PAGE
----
This results in interesting questions that can be further discussed in the following lectures or researched independently as homework. Presenting the results with a whiteboard also lends itself to interaction and discussion in class, and laptops can be used as a research tool to obtain the latest information.

 

The value of non-conventional tools

The freedom to deviate from traditional presentation methods frees the students to work more creatively and learn more. Furthermore, humor is a great aide for remembering new knowledge. A combination of simultaneous use of several tools can activate multidirectional learning. However, if a topic is too large and/or technical for a single presentation, it might be good to give the students some initial background information to complement the lecture. It is also important to take in consideration the pace and timing of the presentation.

Different tools and materials can be used for building and visualizing. Examples include drawings and posters, working with legos, modeling clay, knitting machines, videos, movies, welding, electronics, music, drama, oral presentations, questionnaires, etc. The following are lessons learned from working with non-conventional tools at ADF according to students’ experiences:

  • Drama:
    • Getting a deeper understanding of the topic
    • Easier to remember
    • Well in line with the topics covered by the lectures
    • Even when there is a lot of detail it is possible to formulate a general view of the topic, and to retain this learning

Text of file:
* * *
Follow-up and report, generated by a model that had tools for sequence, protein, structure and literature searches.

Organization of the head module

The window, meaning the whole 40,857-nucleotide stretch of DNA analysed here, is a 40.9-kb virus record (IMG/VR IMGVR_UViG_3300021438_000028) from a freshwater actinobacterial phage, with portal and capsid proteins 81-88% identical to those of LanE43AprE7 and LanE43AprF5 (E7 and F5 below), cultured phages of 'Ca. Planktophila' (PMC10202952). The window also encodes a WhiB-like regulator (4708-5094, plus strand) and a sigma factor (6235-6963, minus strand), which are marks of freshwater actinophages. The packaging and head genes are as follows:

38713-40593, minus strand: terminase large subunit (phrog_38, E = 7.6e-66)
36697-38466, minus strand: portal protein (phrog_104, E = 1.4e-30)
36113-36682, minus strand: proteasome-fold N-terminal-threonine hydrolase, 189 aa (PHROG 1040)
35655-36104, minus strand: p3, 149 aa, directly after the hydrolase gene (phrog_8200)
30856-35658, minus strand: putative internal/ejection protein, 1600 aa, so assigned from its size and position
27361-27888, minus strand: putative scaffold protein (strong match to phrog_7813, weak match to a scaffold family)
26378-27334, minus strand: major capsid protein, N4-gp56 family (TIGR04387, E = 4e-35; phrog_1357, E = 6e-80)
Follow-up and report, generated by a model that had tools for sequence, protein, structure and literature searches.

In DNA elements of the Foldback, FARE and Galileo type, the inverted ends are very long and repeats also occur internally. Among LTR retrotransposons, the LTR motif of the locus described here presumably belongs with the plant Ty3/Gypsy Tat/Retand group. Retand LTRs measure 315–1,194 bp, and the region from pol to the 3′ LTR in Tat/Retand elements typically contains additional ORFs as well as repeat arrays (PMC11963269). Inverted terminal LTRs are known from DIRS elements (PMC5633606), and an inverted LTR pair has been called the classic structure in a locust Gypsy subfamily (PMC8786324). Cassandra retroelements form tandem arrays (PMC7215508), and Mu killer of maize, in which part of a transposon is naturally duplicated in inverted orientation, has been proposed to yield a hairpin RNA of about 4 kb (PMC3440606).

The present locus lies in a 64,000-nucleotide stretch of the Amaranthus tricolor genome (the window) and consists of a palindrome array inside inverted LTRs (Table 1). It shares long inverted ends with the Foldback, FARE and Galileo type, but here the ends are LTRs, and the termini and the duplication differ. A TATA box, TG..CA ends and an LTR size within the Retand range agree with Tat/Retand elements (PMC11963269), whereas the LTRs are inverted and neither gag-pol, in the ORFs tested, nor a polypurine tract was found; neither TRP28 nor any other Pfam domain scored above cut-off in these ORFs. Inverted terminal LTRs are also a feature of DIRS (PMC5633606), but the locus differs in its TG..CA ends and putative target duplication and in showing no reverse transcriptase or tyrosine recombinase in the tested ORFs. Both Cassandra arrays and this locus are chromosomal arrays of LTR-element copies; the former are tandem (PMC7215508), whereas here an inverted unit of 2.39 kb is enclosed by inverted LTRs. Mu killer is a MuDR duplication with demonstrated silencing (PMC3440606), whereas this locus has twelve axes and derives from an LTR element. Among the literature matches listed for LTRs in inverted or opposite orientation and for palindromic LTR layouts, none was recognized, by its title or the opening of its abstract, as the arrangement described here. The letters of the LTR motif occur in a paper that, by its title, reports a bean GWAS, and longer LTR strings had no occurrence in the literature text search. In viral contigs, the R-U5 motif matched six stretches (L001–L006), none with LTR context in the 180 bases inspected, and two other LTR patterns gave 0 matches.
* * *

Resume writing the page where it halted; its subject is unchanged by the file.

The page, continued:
• Posters and drawings:
    • Makes topics more understandable
    • Helped to learn and acquire new understanding on a previously unknown subject
    • Better comprehension of complex problems
    • Helped to understand the connection between different facts
    • Helped retain new information in memory
  • Video:
    • An excellent way of repeating what had been presented, which results in deeper learning
    • Helped correct previous misunderstandings
    • Is a great way to give an overview of a topic
  • Oral presentation:
    • Helped retain new information in memory
    • Promotes interaction between students
  • Questionnaire:
    • Eliciting knowledge from the students is a great way to activate the learning process, making them explicitly realize what they know (or correct misconceptions) about a topic. It piques interest and grabs attention. Ending the presentation with another questionnaire helps realize how much they have learned.
    • Helped retain new information in memory
  • Physical prototypes and demonstrations:
    • Can help visualize complex structures
    • Helps to better understand a process
    • Creates a shared and interactive learning experience that helps retain new information to memory

 

Continuous development of DBL

Implementing Design-Based Learning is not enough though. There are shortcomings encountered in class, in the experience of teachers and students. For this reason continuous experimentation to improve the model is tantamount to the process. The input of the experiences of teachers and students after testing this method in different disciplines, and the results of their experiments, is invaluable for DBL researchers.

 

In short:

The experiential ADF teaching mentality is collaborative, interdisciplinary, problem-based, hands-on, student-oriented, multi-method, experimental, and linking theory to practice.

The activities are informal, curiosity-promoting, fun, energetic, practical, creative, activating, and motivating.

Devise teaching methods that have these characteristics, experiment, and communicate!

 

Series Part 1: Introduction to ADF ways of working

Series Part 2: The environment

Series Part 3: Group work

Series Part 4: PBL activities

Series Part 6: Prototyping, Failing and Learning

Series Part 7: The successful student and the role of university education

Series Part 8: Working in intercultural groups

Series part 9: Facilitated feedback sessions

Marcela AcostaWhat works: Research-based handy tips and tricks for the curious professor – Part 5